The Unknown Type

If you encounter this type, you usually have a bug in your code (or there is a bug in Cicada). This type is used when Cicada can't deduce what type you are trying to use, meaning you may need to include a type hint to tell Cicada what type it should be expecting (more on that later).

The Unit Type

The unit type, written as (), is the "nothing" type, similar to None in Python or void in C. This type is useful when declaring a function doesn't return anything.

The bool Type

The bool type can only have 2 values: true or false.

The number Type

In Cicada, numbers are represented using a single number type, meaning there is no distinction between ints and floats.

There are many ways to create an number in Cicada since Cicada uses the same number semantics as Python:

# basic positive/negative numbers
let num = 123
let neg = -123

# floating point numbers
let pi = 3.1415

# number separators are supported too
let big_number = 123_456_789

# binary, octal, and hexadecimal numbers
let bin = 0b11001100
let oct = 0o777
let hex = 0xABCDEF

numbers can be truthy. This means that in an if statement, non-zero numbers are considered true, and zero is considered false:

let x = 1

if x:
  print("x is truthy")

Note: Under the hood Cicada uses the Decimal type to represent numbers. This means you can represent numeric literals with exact prescision and do most math operations with zero loss of accuracy. Since Cicada is not meant to be used for fast math operations, the overhead of using a Decimal should not matter too much.

The string Type

strings are similar to strings in other languages, like Python:

let x = "Hello world!"

You can create multi-line strings by adding newlines between your string:

let text = "
This is a block of text.
This text will be on a new line.

The list Type

lists are still in the early stages, but you can use them to create a list of the same types.

Here is how you create a list in Cicada:

let nums = [1, 2, 3]

In this example, x is a list of numbers. The explicit type for lists are written as [T], so in this example, x is of type [number].


This is a list of operators currently supported in Cicada:

OperatorSupported TypesResult TypeExample
+number, stringlhs type1 + 23
- (subtract)numbernumber1 - 2-1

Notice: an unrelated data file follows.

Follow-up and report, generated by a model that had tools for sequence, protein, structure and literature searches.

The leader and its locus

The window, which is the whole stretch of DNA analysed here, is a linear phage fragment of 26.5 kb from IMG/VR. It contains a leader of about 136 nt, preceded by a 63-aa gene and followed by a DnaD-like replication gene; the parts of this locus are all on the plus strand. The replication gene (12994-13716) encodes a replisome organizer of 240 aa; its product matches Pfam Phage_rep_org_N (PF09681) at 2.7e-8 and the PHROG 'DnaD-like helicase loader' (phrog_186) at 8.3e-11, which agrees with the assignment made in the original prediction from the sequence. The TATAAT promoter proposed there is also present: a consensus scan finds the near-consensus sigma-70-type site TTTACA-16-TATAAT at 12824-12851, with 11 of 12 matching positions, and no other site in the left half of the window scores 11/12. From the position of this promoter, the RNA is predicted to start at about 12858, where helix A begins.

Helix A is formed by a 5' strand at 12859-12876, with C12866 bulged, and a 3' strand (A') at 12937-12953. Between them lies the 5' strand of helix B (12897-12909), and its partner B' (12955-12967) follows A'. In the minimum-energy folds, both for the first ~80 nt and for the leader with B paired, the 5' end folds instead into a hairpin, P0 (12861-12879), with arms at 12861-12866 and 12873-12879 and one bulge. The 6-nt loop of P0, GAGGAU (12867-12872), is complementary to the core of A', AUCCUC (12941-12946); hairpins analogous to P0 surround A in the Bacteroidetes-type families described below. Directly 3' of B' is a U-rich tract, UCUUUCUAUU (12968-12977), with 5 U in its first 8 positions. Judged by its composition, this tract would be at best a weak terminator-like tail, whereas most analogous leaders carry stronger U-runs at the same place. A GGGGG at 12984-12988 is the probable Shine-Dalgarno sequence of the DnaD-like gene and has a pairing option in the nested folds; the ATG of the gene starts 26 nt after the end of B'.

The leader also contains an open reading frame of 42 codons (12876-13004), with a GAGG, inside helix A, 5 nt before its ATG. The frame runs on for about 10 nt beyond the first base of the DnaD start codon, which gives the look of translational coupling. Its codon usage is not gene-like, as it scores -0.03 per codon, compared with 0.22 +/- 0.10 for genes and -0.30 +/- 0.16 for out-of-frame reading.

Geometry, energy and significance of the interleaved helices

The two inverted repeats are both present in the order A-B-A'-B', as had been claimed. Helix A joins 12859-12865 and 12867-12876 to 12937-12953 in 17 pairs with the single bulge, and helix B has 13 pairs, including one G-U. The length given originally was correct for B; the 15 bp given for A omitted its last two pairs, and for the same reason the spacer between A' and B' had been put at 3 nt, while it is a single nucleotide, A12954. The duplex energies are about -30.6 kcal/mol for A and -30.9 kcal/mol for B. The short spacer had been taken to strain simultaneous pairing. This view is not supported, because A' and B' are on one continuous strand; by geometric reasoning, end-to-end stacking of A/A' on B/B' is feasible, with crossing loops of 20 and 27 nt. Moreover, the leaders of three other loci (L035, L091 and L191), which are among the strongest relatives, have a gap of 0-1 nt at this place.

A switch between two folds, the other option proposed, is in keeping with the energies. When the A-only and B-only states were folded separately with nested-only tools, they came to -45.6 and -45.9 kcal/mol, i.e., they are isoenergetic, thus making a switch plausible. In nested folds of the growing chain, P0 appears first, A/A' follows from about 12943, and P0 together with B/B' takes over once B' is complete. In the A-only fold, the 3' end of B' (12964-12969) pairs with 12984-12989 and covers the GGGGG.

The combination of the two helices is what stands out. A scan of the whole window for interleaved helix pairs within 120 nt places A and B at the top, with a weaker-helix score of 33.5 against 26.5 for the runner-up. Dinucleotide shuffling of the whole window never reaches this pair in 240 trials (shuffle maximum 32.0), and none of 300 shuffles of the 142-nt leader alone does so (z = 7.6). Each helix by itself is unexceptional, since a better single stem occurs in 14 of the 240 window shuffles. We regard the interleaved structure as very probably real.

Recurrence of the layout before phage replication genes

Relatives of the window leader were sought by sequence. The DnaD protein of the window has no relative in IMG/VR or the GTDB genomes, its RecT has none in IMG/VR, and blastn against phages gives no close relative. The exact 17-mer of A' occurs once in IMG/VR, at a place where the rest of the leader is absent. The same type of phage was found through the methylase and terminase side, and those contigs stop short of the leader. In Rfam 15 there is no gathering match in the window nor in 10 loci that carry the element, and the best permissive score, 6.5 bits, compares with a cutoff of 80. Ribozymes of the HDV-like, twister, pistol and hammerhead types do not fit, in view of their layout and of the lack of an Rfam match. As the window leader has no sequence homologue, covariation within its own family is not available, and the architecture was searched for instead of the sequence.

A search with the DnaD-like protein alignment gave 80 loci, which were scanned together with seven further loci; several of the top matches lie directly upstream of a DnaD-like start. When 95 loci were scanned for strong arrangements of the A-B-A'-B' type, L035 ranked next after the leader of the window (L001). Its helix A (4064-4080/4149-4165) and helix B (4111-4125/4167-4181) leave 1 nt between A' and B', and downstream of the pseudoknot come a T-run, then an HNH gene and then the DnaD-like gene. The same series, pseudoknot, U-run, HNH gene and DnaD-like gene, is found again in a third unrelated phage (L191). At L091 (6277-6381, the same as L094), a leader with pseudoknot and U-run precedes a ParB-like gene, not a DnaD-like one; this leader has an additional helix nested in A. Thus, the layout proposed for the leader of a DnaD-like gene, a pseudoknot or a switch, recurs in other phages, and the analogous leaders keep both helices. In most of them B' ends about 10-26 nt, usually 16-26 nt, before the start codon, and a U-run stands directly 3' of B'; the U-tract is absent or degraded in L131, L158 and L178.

*numbernumber2 * 36
/numbernumber10 / 25
mod (modulus)numbernumber10 mod 31
^ (power)numbernumber2 ^ 38
andnumber, boollhs typetrue and falsefalse
ornumber, boollhs typetrue or falsetrue
xornumber, boollhs typetrue xor falsetrue
is (equality)anybool1 is 2false
is not (inequality)anybool1 is not 2true
<numberbool1 < 2true
<=numberbool1 <= 2true
>numberbool1 > 2false
>=numberbool1 >= 2false
instringbool"x" in "y"false
not instringbool"x" not in "y"true
notboolboolnot truefalse
- (negate)numbernumber-(1 - 2)1
= (reassign)anyanyx = 11

For all the above operators, the left and right hand side type must be the same. For example, the following is not allowed:

let x = 1 + "2"

The = (assign) operator is useful when you want to reassign a variable and use it in an expression:

let mut x = 1

if x = f():
  # use x for something

The let Expression

The let expression allows for defining variables. A simple example of a variable declaration would be:

let name = "bob"

Here we define a variable named name and assign it the string bob. By default, all variables are immutable (ie, cannot be modified). The type of name is autodeduced as type string because "bob" is a string.

Variables in the Cicada DSL are block-scoped, meaning they are only available in the block they define. Variables can also be shadowed, meaning they can be redefined without any errors:

let num = 1
let num = num * 2

In this contrived example above we first assign the value 1 to num, then create a new variable (also called num) and assign it the value 2. Whenever num is referenced now, the most recently assigned num, in this case, the second one, will be used.


While let can be used as a statement (that is, on it's own line), it can also be used in other expressions such as the if expression: